A homily from Fr James Lyons, Parish Priest Sacred Heart Cathedral, delivered on the 15th Sunday in Ordinary Time, July 10 2016.
An opportunity came my way last week to participate in an international conference in Melbourne on the theology, time and personality of Martin Luther. Next year marks 500 years since the beginning of the Reformation and Martin Luther is credited with influencing the process that split Western Christendom, setting Christians against one another in bitter and bigoted battles that are still not entirely over.
Why did I go to the conference, and what did I hope to achieve?
Well, apart from updating myself by hearing contemporary scholars outline the thinking of Martin Luther, I was keen to meet and talk with Lutheran clergy from different parts of the world and understand better their place in the Christian family. For that is what we have grown to be over these past 500 years – a diverse and widely extended family; divided over many issues but united by faith in Jesus Christ. And that is what we must emphasise and build on today, when Christians are in fact the most persecuted group in the world.
Christians have come through these last five centuries very protective of their own denomination. Martin Luther’s call for reform in the Church found a ready echo is many places and the 16th century gave birth to new understandings of the ‘one, holy, catholic and apostolic church’. Each group fiercely defended its position. Lutherans, Calvinists, Methodists, Presbyterians – the major ‘protesting’ groups – were joined by the Anglo-Catholics in opposition to the Roman-Catholics.
Hotheads on all sides made dialogue virtually impossible until about 50 years ago. In that time we Christians have experienced our own ‘climate change’. We’ve been ‘warming’ towards one another; and last week’s Lutheran conference was just one of thousands in recent times helping to dismantle denominational barriers and remove the blockages that stopped us from approaching one another. We don’t want to be fighting over anything; we just want the fighting to be over!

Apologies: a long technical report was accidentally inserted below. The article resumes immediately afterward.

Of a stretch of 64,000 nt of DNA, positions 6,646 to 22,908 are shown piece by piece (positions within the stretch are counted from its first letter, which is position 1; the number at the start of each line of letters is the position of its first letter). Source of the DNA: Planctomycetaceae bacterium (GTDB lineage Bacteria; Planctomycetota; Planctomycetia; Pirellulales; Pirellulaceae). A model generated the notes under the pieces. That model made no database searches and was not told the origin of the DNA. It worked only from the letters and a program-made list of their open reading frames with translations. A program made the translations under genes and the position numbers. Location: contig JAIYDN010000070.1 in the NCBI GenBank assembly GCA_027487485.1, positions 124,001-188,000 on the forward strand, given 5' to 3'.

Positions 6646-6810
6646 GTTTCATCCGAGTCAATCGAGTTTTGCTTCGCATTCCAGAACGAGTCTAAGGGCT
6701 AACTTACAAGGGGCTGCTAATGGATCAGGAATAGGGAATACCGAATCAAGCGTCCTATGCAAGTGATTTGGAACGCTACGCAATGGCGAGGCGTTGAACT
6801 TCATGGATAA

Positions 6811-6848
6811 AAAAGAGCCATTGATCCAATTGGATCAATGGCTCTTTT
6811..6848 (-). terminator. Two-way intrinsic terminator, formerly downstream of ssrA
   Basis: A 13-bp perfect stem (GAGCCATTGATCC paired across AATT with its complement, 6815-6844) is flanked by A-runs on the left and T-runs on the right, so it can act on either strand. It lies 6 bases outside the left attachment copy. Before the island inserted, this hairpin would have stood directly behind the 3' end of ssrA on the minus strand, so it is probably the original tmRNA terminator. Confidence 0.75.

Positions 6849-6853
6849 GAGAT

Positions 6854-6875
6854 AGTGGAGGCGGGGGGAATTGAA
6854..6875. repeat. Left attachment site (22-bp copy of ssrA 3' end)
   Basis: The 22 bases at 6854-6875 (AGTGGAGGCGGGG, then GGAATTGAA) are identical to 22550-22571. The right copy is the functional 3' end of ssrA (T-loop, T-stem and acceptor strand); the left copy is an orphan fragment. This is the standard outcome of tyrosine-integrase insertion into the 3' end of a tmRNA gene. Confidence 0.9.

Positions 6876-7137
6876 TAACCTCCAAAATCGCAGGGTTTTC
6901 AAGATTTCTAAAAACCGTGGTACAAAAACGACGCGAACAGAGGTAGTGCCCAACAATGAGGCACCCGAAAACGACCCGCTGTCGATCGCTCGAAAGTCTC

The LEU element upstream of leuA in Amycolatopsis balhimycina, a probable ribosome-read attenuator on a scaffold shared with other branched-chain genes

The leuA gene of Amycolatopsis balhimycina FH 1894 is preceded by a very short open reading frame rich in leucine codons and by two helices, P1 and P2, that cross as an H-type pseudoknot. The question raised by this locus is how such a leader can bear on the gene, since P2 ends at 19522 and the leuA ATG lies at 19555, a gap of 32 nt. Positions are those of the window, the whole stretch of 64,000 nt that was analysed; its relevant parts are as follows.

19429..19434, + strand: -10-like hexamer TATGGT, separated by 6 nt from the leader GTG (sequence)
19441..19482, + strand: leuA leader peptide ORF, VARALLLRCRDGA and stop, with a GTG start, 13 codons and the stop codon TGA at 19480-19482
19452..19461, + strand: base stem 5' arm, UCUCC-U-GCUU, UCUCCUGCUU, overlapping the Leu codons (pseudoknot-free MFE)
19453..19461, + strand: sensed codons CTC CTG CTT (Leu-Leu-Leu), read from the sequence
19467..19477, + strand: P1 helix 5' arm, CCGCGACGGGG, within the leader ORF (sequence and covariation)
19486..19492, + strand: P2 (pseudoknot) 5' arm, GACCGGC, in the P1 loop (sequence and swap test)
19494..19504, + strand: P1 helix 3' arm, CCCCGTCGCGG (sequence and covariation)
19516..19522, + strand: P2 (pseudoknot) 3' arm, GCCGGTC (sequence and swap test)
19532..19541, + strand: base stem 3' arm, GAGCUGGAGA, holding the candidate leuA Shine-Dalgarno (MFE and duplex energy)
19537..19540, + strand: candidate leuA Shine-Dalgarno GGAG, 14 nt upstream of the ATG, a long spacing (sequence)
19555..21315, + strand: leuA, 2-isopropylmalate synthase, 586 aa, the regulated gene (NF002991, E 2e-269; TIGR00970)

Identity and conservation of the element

Unity, like reconciliation, begins by thinking well of the other person, not wishing them harm, and being willing to listen to their side of the story. Apply that to all your relationships – and watch the change happen.
When Jesus first sent out his apostles to preach and to heal, he told them to avoid the pagan territories and specifically not to enter any Samaritan town. He gradually expanded his understanding of what his mission entailed, to the point where, in today’s gospel reading, he uses a Samaritan as an example of a good neighbour. Jesus depicts this ‘foreigner’ doing the work of a disciple: preaching by his actions, especially his hospitality; gifting his talents and resources to hasten the healing of the abandoned victim and to ensure his continued care.
Naming such an unpopular figure as the hero of his parable, Jesus was challenging those who thought they only needed to look after their own kind. We can apply that to our understanding of ‘Church’. We Catholics do not have a monopoly on truth. Fortunately we have broken through the barrier that said we did, and those who were not with us were not part of the Church. (There’s a story of brick wall in heaven behind which the ‘Catholics think they’re the only ones in here!’)
Prejudice finds its home in attitudes that resemble ‘no exist streets’! There’s only one opinion, mine, and I have neither need nor desire for a thoroughfare that would take me to you and your opinion. Unity, like reconciliation, begins by thinking well of the other person, not wishing them harm, and being willing to listen to their side of the story. That’s what I was doing at the Luther Conference and I’m so pleased I did. Apply that to all your relationships – and watch the change happen. Jesus’ dream that all might be one was never meant to be just a dream. I believe the time is right to make it a reality!